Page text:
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Reader Question on Mommy Makeover Nightmare in Australia

Posted Sep 21 2010 7:30am

Reader Question:

Can you explain why Dr Morris Ritz, from the Melbourne Institute of Plastic Surgery, who is a fully trained reconstructive/plastic surgeon, would have subjected a patient to an EIGHT HOUR SURGERY with MULTIPLE procedures, each of which was supposed to be done one at a time? This segment aired on Australian Sixty Minutes, Channel 9 on 27th August 2010 and the woman’s name is Kerry Mullins. I am in shock, as this poor woman has been mutilated. She developed a shocking infection and Dr Ritz did not offer her any after care- in fact, when he discharged her from the first hospital he never saw her again. How can this level of malpractice occur in such a well trained doctor, and is it common?

TARA BROWN: At 35, after having five children, Kerry Mullins thought cosmetic surgery was the quick-fix she needed to get her body back in shape.

KERRY MULLINS: I didn’t want to ever be a supermodel or completely change the way I was. Just to feel like a woman again, you know, like a normal woman again. That’s all I wanted.

TARA BROWN: Kerry Mullins went to see plastic surgeon Morris Ritz, here, at the Melbourne Institute of Plastic Surgery. She wanted a breast lift and tummy tuck. He sold her what is known in the industry as a ‘mum’s makeover’ – a $25,000 package, which included a breast lift, extensive liposuction and a tummy tuck. A three-in-one operation, which took eight hours to complete, and nearly cost Kerry her life.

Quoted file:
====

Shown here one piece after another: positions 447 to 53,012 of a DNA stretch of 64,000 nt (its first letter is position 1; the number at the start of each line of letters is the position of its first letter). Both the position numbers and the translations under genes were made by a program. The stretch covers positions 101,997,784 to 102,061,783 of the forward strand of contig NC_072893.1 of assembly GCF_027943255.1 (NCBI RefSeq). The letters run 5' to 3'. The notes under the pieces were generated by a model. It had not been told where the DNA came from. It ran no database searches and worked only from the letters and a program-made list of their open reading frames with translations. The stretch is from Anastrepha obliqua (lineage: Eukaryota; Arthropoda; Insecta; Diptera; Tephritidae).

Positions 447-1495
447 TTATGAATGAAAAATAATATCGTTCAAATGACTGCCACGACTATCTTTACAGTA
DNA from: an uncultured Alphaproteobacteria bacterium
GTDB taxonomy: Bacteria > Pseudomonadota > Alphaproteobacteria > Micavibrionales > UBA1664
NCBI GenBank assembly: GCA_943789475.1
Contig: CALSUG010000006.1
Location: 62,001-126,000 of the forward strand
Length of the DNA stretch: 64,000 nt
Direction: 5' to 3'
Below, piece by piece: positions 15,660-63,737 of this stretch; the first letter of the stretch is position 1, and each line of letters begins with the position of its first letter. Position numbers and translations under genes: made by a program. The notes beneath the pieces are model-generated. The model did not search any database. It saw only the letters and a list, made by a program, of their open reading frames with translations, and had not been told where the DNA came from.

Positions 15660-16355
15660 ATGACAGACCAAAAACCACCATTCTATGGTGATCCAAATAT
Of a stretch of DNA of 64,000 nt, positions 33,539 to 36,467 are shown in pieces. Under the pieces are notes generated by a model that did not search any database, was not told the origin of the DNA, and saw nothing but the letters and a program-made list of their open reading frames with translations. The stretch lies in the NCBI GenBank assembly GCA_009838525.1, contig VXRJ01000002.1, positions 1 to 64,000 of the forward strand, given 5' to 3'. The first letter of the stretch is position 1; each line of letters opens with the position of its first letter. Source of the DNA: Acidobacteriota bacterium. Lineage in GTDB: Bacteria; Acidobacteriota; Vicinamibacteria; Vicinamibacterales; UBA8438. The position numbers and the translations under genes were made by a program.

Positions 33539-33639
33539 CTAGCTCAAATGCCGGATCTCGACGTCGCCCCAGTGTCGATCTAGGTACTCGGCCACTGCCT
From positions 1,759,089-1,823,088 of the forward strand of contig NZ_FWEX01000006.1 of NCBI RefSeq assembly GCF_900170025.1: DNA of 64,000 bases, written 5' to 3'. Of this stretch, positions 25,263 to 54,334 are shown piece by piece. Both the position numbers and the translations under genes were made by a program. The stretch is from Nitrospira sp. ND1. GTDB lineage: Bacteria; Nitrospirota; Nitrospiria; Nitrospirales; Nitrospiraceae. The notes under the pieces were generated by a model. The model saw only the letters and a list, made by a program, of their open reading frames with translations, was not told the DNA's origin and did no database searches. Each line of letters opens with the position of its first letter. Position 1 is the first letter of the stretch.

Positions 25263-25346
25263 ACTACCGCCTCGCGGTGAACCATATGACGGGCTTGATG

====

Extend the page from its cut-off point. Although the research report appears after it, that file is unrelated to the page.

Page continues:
KERRY MULLINS: I just remember closing my eyes and then, the next time I woke up, I woke up to a nurse holding my breast and prodding me and Mr Ritz then came in and he was stabbing my nipple with a needle to try and get it to – sorry, can I stop for a minute?

TARA BROWN: A massive infection was ravaging Kerry’s body, and she was rushed into emergency hospital care.

KERRY MULLINS: I was in there for three months, and each and every other day they’d take me down to theatre and so I had 22 operations all up, and every second day they would cut it away, cut it away, cut it away until it was just a big hole in my chest.

I cannot speak to the training an Australian plastic surgeon receives in residency training, but “Mommy Makeovers” are becoming more commonplace. Stacking large scale operations and entertaining longer anesthetics and surgical procedures is the trend. I have never said it was a good idea. Many times doctors defending such scalpel-fests do so by stating if they didn’t schedule such a case one of their competitors might have.

Malpractice in Australia may be hard to prove. It is here in the United States. The amount of aftercare that is appropriate is widely subject to debate. Poor outcomes happen even in cases involving lesser surgery although thankfully I have never had such a catastrophe in my practice. Then again I stage operations over a period of time when I feel it is appropriate.

Best Regards,

John Di Saia MD

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